Health Concerns

Everyone Officially Figures Out Soda Is Terrible

The future looks bleak.
The future looks bleak. Photo: Philippe Lopez/AFP/Getty Images

About all soda companies have left is their gobs of money, which is how they keep defeating everything from government nannying to science. But as the Times’ Upshot explains today in a long piece, while the soda industry right now is doing better than average in policy battles, the bigger picture is that “soda companies are losing the war.” Major players like Coke and Pepsi have their work cut out for themselves if they want to overcome what the Times calls a “serious and sustained decline.”

To wit:

• Big Soda killed Philadelphia’s proposed soda tax five years ago, but it was for naught — Philadelphians have been self-regulating ever since. Daily consumption among teens citywide dropped by 24 percent from 2007 to 2013, and childhood obesity is actually going down in the city.

• Also, American kids on the whole get fewer calories from soda these days — one study showed daily consumption dropped by 79 calories between 2004 and 2012, almost eight times more than it fell for salty snacks.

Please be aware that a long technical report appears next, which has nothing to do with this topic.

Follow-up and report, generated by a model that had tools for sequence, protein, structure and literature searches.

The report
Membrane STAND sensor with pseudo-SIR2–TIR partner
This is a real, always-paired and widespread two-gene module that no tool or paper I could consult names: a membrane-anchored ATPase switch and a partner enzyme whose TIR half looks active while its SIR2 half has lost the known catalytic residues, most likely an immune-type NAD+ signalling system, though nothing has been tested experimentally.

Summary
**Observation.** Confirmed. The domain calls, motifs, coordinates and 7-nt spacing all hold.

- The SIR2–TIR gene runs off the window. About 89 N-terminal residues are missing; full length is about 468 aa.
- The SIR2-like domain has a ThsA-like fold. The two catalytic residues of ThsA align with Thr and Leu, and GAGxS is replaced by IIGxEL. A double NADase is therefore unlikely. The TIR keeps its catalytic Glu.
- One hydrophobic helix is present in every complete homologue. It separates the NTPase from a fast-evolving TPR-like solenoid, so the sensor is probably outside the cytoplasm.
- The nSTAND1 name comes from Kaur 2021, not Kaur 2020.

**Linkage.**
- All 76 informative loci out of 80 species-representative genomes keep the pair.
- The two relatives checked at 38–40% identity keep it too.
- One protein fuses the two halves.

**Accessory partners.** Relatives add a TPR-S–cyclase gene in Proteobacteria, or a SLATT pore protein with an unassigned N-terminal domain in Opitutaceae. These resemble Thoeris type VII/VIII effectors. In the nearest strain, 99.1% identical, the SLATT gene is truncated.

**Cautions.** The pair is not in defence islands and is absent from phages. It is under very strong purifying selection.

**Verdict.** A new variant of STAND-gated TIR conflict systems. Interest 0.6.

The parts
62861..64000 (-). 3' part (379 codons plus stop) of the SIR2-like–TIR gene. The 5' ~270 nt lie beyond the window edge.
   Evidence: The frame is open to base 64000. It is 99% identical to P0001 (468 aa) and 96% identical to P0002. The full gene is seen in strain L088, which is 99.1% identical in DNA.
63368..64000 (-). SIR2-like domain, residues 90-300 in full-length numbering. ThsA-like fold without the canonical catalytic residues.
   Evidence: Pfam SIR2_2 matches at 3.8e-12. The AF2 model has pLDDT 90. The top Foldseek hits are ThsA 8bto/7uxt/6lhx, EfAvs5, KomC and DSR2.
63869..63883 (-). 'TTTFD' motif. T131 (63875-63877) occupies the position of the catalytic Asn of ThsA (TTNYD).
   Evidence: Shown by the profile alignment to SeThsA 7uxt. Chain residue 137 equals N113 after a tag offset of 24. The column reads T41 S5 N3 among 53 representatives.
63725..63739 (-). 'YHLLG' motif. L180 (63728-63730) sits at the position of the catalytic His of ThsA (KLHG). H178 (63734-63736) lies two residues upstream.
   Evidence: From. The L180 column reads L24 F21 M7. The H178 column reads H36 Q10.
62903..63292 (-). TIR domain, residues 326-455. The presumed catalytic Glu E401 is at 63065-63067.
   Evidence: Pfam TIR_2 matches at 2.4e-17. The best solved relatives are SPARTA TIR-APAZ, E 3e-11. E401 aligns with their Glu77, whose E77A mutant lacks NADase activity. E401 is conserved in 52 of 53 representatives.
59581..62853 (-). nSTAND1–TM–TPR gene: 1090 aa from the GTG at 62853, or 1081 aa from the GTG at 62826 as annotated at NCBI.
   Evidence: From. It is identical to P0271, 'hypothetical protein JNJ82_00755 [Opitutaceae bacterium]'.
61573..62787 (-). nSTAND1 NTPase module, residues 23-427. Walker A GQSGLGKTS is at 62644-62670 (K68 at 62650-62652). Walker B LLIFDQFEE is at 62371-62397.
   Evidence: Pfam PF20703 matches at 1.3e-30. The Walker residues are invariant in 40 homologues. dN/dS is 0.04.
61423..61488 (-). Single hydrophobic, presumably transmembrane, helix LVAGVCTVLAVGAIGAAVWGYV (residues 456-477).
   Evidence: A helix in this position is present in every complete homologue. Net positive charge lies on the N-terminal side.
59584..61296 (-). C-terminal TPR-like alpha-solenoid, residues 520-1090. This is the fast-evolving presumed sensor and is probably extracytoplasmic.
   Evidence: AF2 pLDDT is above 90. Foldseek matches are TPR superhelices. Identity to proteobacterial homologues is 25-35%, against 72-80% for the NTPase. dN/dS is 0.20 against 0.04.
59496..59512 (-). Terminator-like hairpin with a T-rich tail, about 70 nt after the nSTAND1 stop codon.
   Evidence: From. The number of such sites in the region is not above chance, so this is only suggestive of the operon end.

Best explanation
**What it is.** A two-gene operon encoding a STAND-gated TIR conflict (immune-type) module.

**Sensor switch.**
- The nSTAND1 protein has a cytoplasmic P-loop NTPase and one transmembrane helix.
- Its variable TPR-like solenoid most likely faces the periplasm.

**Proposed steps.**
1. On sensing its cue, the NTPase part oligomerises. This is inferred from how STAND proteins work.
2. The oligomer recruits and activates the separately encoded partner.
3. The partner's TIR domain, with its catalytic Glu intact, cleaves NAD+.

• Coca-Cola has gotten so worried about its poor health image that it now lists “obesity concerns” as the No. 1 problem for profitability.

• Sodas are getting near impossible to come by in vending machines at schools and government offices. Prohibiting them in the machines at work is a growing business-world trend.

• Soda, which is now being called “the new tobacco,” is following the same trajectory cigarettes did on their way out: Declines are occurring “among richer, white populations” now, and experts expect that poor and minority populations will be next.

• In 2000 the average American bought around 15 gallons of bottled water a year and more than 50 gallons of soda; now water is up to around 35 gallons, and soda has fallen to 40.

• Water is actually projected to surpass soda in sales in two short years, making H2O the largest beverage category in the country. Big Soda sells a decent amount of water, but it isn’t happy about the consumer’s new-found love for it — water has no brand loyalty, soda-makers have learned. It seems water’s just, well, water.


Everyone Officially Figures Out Soda Is Terrible